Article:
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Learning to parent apart

The recently reported case of T v S [2013] EWHC 2521 (Fam) underlines the difficulties which parents can experience have following separation in relation to day to day decisions and learning to co-parent apart.

The case related to a boy who was born in May 2007 and at the time of the hearing was just over 6 years old.  There had been ongoing litigation between the mother and father for four and a half years and the parents could agree on very little.

As a result the child had been made a ward of court (which effectively means the child is under the protection of the state).  A substantive order was made on 11 December 2012 by Mr Justice Hedley and the judgment he gave was referred to in T –v- S as “depressing reading”.  The order set out when each parent was to have care and control of the child and it delegated the exercise of parental responsibility by way of a schedule.

One heading of the schedule set out issues about which one parent had to inform and consult (but was not obliged to obtain consent from) the other before making a decision. This list included planned medical and dental treatment.

It was on the specific issue of dental treatment that T –v- S came before the court.  The President (Sir James Munby) who heard the case, however, commented that whilst the application may have been triggered by the issue of medical/ dental treatment that it was really an attempt to substantially reopen the case.

It was common ground between the parents that the child needed dental treatment but they could not agree on the form of treatment and each produced a letter in support of what they were proposing by a dental clinic.  The President noted that he could invite the dental practitioners to file an expert report and come to a judicial decision about what treatment was the most appropriate.  However, he felt that this would undermine the specific provisions and the fundamental philosophy of Mr Justice Hedley’s original order.

In the original judgment of Mr Justice Hedley there were a number of passages where he emphasised the need for parents, as the parents, to decide what should be done.  A specific example was given in relation to an inability of the parents to agree on where exactly in Clapham Junction Railway Station handover of the child should take place.

The President felt that the order of Mr Justice Hedley was the best order which could have possibly been achieved in the circumstances and accordingly he decided to dismiss the father’s application and not to make any order in relation to the question of dental treatment.  He was making the overarching point that the court should not be called in to micromanage the parent’s relationship and disputes between them.

From an outsider’s perspective it is difficult to imagine why or how the parties’ positions became so polarised that they have ended up spending years of their lives and likely significant amounts of money litigating. What seems clear is that it cannot be in the child’s best interests for this to continue.

It is inevitable that any separating couples will have disagreements and may not have the same views on issues such as health, education, bedtimes or appropriate foods.   To avoid ending up on court couples need to use the resources available to them such as online tools and information, workshops or mediation and find a way to work together.  Some useful information can be found at http://www.relate.org.uk/.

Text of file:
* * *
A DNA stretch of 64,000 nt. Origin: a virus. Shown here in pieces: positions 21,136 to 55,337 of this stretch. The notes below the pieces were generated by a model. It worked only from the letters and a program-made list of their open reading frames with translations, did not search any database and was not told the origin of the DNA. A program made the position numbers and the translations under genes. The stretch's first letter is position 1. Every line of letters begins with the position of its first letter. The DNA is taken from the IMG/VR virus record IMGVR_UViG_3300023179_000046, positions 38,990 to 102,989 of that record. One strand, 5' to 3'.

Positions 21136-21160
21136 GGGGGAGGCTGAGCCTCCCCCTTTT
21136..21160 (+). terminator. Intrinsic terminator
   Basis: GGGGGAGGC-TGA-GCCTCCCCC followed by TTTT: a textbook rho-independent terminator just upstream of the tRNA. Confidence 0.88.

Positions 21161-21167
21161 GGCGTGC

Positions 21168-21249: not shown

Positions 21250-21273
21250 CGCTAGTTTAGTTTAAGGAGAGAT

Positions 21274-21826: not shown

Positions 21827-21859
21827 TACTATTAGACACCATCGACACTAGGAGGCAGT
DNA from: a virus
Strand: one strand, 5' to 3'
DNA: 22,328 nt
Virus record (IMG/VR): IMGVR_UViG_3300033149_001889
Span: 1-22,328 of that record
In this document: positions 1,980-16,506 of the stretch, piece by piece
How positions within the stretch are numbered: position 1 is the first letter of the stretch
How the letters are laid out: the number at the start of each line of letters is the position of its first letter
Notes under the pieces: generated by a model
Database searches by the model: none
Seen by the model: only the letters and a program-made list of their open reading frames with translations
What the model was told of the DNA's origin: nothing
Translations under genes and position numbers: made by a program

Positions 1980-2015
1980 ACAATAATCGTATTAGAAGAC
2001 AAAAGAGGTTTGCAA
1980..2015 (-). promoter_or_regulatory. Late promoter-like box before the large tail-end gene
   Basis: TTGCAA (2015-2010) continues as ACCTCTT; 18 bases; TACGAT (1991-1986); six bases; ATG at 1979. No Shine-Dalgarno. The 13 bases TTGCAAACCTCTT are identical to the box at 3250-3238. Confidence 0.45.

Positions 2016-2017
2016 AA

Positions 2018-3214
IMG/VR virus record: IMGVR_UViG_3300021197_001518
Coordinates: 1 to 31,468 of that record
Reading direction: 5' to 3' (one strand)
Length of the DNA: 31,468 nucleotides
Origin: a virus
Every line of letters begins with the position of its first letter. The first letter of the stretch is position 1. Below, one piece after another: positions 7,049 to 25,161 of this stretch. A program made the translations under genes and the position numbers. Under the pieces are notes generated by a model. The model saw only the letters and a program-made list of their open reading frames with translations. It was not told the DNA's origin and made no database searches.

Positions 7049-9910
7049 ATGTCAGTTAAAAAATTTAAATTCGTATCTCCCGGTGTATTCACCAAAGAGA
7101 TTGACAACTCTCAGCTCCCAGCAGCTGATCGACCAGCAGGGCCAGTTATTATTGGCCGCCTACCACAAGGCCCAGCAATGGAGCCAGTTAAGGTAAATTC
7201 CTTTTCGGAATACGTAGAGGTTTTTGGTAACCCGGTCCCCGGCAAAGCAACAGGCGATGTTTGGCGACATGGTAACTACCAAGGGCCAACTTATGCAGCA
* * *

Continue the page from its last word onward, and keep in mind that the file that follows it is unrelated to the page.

There will be some occasions where parents still can’t agree and there may be no option but to ask a court to step in.  More information about the court’s powers in relation to the children and what to do if you and your partner disagree in relation to fundamental issues such as the time which you each spend with the child, where the child should live, where they should go to school and so on can be found at our webpage www.family-law.co.uk/services/children-law.

This area of law is governed by the Children Act 1989 and can be found here.

Specifically it is worth drawing attention to the welfare checklist which is set out at paragraph 1(3). This sets out that the court should have particular regard to the following:

  1. To ascertain the wishes and feelings of the child concerned (considered in light of his age and understanding);
  2. His physical, emotional and educational needs;
  3. The likely effect on him of any change in circumstances;
  4. His age, sex, background and any characteristics of his which the court considers relevant;
  5. Any harm which he has suffered or is at risk of suffering;
  6. How capable are each of his parents, or any other person in relation to whom the court considers the question be relevant, is of meeting his needs;
  7. The range of powers available to the court under the Act in the proceedings in question.

Ultimately the court will be looking to achieve an outcome that is in the best interests of the child.  In order to establish this it may require evidence from parents and/ or other people who have close contact with the child and it may also enlist the assistance of CAFCASS (Children and Family Court Advisory and Support Service).  A CAFCASS officer may speak to a child or children directly to help establish what their wishes and feelings are and what would be best for them.

For specialist advice on any family law related issue contact Maguire Family Law by email: james.maguire@family-law.co.uk or telephone:

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